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May 14, 2010

No question, Miggi is clutch

There was a debate in spring training as to who should be the Orioles cleanup hitter, since the lineup was devoid of a true power threat.

My answer, and the Orioles’ eventual decision, was Miguel Tejada. Even though he doesn’t hit many home runs, he drives the ball. And the veteran is clutch.

Tejada is batting a solid .288 on the season. But he is hitting an impressive .324 with runners in scoring position.

Friday night he did it again – basically helping to turn a squeaker into an Orioles’ 8-1 win over the Cleveland Indians.

The Orioles had runners at second and third and one out in the sixth with Cleveland’s Justin Masterson on the mound. Instead of bringing in a lefty to face Nick Markakis, Cleveland manager Manny Acta intentionally walked Markakis and loaded the bases for Tejada.

“I think (Acta) did the right thing because (Masterson) is really tough on righties and I think with one out he was probably looking for a double play,” Tejada said. “I had to make an adjustment. I didn’t look too good against (Masterson) the first two at-bats. I made an adjustment and it turned into a hit.”

Tejada’s two-run single up the middle ignited a four-run rally that gave the Orioles the victory. Orioles manager Dave Trembley said that hit was the reason Tejada bats cleanup. Tejada said he absolutely relishes those opportunities.

“I love it. I love that situation. When we have that situation, I want to be in there. I’ve been doing it for a long time and it takes a lot of concentration in a situation like that and I think I do that,” Tejada said. “It doesn’t (tick) me off, but in those situations I (am) more relaxed. With runners in scoring position I like to be relaxed and not try too hard. I think that’s why I love it … I love seeing the people cheer when that situation comes.”

Posted by Dan Connolly at 11:53 PM | | Comments (4)


Wait a minute. Isn't this site full of people who were adamantly opposed to Tejada coming back? Over the hill, bad attitude, will never learn third, etc. Instead, Tejada is doing what he always does, playing every day at the highest level of skill and professionalism. Remember, he was a legitimate all-star last year, and led the AL in doubles. As for making the switch from short to third, the negative commenters were probably remembering how badly the O's got burned 15 years ago, trying to make a third baseman out of Ripken, Should have traded him when he lost a step at short, right?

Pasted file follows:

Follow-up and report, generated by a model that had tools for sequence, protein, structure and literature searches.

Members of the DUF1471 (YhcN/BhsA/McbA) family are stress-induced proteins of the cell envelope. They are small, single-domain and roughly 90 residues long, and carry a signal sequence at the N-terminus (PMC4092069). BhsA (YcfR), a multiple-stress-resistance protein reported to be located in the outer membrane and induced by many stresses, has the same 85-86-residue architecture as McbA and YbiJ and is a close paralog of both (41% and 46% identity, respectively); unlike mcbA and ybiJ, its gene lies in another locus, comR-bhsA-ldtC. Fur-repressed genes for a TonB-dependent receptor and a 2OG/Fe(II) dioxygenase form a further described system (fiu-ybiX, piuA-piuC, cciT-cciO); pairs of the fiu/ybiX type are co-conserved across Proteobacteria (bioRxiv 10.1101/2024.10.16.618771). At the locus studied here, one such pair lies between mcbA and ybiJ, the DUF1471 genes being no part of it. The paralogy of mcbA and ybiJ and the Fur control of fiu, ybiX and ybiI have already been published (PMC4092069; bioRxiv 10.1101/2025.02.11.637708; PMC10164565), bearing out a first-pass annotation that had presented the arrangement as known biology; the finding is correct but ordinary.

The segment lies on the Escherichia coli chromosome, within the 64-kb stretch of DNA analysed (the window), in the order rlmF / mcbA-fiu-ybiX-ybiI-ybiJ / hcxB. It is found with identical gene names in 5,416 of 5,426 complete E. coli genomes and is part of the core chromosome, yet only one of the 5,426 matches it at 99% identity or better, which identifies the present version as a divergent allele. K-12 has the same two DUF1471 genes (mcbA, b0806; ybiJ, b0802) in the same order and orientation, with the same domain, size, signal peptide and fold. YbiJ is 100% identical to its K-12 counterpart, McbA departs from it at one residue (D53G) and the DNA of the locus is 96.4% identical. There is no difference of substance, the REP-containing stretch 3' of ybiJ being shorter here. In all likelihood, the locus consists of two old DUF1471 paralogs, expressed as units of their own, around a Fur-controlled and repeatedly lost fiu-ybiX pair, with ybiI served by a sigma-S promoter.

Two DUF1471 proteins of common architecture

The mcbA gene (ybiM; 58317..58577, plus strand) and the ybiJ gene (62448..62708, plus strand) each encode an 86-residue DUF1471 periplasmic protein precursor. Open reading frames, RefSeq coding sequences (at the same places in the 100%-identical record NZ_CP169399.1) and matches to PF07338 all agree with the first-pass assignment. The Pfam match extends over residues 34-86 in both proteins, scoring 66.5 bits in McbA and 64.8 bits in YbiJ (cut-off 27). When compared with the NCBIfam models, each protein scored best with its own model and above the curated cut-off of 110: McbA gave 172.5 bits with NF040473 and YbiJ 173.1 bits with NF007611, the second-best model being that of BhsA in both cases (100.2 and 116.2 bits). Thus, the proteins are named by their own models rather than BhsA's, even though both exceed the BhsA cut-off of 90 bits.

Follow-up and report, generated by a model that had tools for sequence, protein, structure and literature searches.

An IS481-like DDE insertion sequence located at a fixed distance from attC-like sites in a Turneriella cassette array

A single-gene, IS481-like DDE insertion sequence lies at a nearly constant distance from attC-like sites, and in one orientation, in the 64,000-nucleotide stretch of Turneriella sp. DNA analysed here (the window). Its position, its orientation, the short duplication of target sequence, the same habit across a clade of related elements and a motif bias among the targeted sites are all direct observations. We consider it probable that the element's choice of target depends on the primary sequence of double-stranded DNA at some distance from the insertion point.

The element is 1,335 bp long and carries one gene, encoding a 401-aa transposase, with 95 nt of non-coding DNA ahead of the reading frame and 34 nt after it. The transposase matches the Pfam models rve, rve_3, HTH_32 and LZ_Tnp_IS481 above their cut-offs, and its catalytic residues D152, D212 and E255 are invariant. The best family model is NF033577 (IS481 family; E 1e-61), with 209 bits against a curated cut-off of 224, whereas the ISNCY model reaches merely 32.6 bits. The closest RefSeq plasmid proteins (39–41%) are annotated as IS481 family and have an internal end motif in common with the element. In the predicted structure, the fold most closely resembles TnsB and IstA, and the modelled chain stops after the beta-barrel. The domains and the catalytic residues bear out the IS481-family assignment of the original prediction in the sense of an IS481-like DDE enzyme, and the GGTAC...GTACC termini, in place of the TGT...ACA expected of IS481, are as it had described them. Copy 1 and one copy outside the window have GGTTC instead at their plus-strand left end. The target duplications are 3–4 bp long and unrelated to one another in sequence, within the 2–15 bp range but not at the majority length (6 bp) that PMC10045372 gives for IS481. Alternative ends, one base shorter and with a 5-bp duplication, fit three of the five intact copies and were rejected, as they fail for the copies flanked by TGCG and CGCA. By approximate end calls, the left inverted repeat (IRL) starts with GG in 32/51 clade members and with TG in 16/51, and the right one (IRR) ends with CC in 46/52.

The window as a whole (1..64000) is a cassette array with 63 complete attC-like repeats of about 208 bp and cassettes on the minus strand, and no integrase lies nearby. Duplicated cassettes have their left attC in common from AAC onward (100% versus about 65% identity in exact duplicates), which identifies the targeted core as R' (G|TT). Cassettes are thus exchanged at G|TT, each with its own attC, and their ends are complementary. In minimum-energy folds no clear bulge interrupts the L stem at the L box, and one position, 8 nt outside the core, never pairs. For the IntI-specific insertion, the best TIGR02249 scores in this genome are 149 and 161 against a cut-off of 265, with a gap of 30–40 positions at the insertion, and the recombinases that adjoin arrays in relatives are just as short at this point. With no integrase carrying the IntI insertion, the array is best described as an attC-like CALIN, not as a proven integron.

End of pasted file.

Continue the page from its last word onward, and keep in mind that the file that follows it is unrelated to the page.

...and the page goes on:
Orioles Insider: No question, Miggi is a liar and a cheater.

Thankfully I was one who wanted Tejada to return here. But not just for the hitting and winning attitude.

I had the pleasure to go to the D.R. a few years back and the locals loved him because of all he does for his countrymen. Sosa was a different story, and not very good.

Tejada personally taking relief supplies to Haiti over the mountains while others like the U.S. were climbing over mountains of paperwork tells the real story. He is truly a difference-maker.

We need more people like Tejada, and I don't care if they can swing a bat or not.

Jeff Z's reply: Great post, Dennis.

The Migi bubble gum fan club will not die. Check the O's record and place in the standings. There are no clutch situations in last place. The telling fact is that, once again, they walked the mighty Markakis to get to Migi. When Roberts returns, Wigginton can move to third.

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About the bloggers
A Baltimore native, Dan Connolly has been covering sports for 14 years, and baseball and the Orioles for 10 seasons, including the past six with The Sun. His first year covering baseball on a daily basis was Cal Ripken Jr.'s final season as a player. It's believed that is just a coincidence.

Steve Gould is an assistant sports editor for The Sun, overseeing Orioles coverage. The Columbia native joined The Sun as a sports copy editor in 2006 after graduating from the University of Maryland.

Peter Schmuck has been covering baseball for a lot longer than Steve Gould has been on this earth. He is now a general sports columnist, but has been a beat writer covering three major league teams (the Dodgers, Angels and Orioles) and also spent a decade as the Sun's national baseball writer. If you want more of his insight on the Orioles and other sports issues, check out his personal blog -- The Schmuck Stops Here.

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